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Policy Initiative Spotlight: North Carolina’s Local Government Commission

by Edward Alden
June 15, 2012

The North Carolina state capitol building (DaveCrosby/Flickr). The North Carolina state capitol building (DaveCrosby/Flickr).

In this Policy Initiative Spotlight, Renewing America contributor Steven J. Markovich examines the growing problem of municipal bankruptcy, and the heavy-handed approach taken by some states in response. He highlights the alternative approach taken by one state, North Carolina, which has eliminated bankruptcies and lowered borrowing costs for cities despite the economic challenges facing the state.

Last October the capital of Pennsylvania, Harrisburg, filed for Chapter 9 bankruptcy.  Harrisburg’s finances were hit hard by a money losing project to refit a large trash incinerator. Proponents had hoped the project would be profitable, but instead it generated $288 million in debt, laden on top of additional debt of more than $200 million added over the past three decades for community development of the city of 49,500. In November, that filing was overturned.  Pennsylvania’s governor has taken control of the city’s finances, though the city is still fighting for the right to declare bankruptcy.

This approach—giving the state power to step in when a municipality is financial crisis—is a common policy response across the nation. But it may not be the best one. North Carolina, in contrast, has for decades used its Local Government Commission (LGC) proactively to keep the debts of North Carolina cities in check and has helped avoid the default problems plaguing many states.

Harrisburg is just one of a growing number of cities that cannot pay their debts.  Across the nation municipalities are defaulting on their obligations at rates well above historical norms.  According to the credit rating agency Moody’s, there were an average of 2.7 municipal defaults per year from 1970 to 2009, in 2010 and 2011, the average was 5.5 defaults.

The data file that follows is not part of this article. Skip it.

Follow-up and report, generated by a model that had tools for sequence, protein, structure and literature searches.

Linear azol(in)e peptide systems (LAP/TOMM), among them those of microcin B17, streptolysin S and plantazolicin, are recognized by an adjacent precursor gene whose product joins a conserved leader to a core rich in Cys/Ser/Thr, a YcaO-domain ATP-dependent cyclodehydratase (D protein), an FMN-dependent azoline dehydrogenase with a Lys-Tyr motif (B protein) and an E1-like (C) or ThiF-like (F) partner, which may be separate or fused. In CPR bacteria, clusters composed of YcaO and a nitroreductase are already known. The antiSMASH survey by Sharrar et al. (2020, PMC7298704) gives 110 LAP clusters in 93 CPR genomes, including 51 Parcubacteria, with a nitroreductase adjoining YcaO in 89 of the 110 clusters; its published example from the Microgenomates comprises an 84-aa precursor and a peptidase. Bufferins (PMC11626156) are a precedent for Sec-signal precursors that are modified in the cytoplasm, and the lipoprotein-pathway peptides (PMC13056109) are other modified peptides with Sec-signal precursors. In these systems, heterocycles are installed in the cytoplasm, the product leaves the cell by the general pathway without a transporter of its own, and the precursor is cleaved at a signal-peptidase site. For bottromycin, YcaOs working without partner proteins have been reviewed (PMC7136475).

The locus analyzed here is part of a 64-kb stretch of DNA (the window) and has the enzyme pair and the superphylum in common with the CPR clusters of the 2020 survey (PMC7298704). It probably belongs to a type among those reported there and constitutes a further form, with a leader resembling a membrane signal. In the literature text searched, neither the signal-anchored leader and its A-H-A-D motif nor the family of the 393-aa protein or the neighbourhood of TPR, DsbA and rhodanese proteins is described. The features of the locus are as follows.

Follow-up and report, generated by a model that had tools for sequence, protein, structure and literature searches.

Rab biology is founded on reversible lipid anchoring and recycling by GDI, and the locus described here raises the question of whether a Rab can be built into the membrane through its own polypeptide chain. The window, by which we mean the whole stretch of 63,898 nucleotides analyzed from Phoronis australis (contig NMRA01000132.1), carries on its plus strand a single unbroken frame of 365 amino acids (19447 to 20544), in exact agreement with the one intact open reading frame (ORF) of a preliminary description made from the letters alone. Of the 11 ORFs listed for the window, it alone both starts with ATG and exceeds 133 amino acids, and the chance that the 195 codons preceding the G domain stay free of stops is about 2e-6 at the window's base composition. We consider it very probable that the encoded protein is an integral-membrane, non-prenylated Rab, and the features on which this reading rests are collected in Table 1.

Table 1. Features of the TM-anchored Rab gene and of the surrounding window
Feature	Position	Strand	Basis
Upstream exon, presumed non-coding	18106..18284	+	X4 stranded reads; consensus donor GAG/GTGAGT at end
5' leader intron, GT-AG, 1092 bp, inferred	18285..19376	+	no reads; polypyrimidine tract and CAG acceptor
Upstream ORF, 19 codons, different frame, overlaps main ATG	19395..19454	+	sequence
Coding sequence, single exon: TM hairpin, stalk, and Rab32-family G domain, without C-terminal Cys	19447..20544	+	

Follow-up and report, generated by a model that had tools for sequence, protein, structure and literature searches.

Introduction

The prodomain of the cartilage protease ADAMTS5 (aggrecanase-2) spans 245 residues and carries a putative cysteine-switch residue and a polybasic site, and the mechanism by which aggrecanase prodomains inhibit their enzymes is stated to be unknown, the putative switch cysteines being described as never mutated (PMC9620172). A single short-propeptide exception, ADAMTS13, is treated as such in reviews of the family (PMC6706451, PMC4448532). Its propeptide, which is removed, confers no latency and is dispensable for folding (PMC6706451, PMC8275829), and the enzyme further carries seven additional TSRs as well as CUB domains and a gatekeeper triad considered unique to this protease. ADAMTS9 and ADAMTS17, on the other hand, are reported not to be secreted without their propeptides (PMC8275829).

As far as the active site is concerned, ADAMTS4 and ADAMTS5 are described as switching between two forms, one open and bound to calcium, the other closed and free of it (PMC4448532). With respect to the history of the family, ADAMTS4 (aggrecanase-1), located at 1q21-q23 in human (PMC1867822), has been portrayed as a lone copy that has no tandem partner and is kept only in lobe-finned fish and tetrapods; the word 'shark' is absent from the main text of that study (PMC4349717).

Many states have procedures in place once a municipality faces troubles.  Under Pennsylvania’s Financially Distressed Municipalities Act, for example, once a city meets the criteria of financial distress, the state appoints a coordinator to prepare a recovery plan within 90 days.  The city can either accept that plan, or reject it in favor of its own if the state approves.  The state can also grant emergency loans, grants, or merge distressed communities.  In May, Altoona became the twenty-seventh distressed municipality in Pennsylvania since the law was enacted in 1987.

In North Carolina, the approach has been different. Before assuming new debts, municipalities must earn the approval of the state’s LGC by convincing it that the funds to be borrowed are adequate and reasonable to complete the desired project, and that the city can afford to repay the debt.  Once approval is given, the state agency, not the municipality, sells the debt or bonds on behalf of the local government. After debt is issued, the LGC oversees annual independent auditing of local governments, monitors their finances, and offers administrative assistance.

The LGC was created during the depths of the Great Depression in 1931, when defaults raged across North Carolina.  In 1933, more than 200 cities and counties were in default, and a similar number of special districts.  But since 1942, North Carolina has had no bond defaults.

Today, North Carolina suffers from one of the four highest unemployment rates in the nation, but unlike the other three states with that distinction, all of North Carolina’s local governments continue to pay their debts.  This track record has earned North Carolina a top credit rating from all three of the major ratings agencies, one of only eight states to receive that rating.  North Carolina has also been lauded by credit analysts. Andrew Teras from Standard and Poors said: “North Carolina’s oversight model is one of the strongest of any state.”

North Carolina’s approach also lowers borrowing costs for its municipalities.  According to Standard and Poor’s Municipal Bond Indices, North Carolinia’s municipalities face the eighth lowest yield among all of the states.  In contrast, Pennsylvania and California cities come in at twenty-seventh and thirtieth respectively.  The yield spread between California—one of the other four states with the nation’s worst unemployment rate—and North Carolina is 0.73 percent, which represents an annual difference of $187 million on the $25.7 billion market value of North Carolina municipal bonds.

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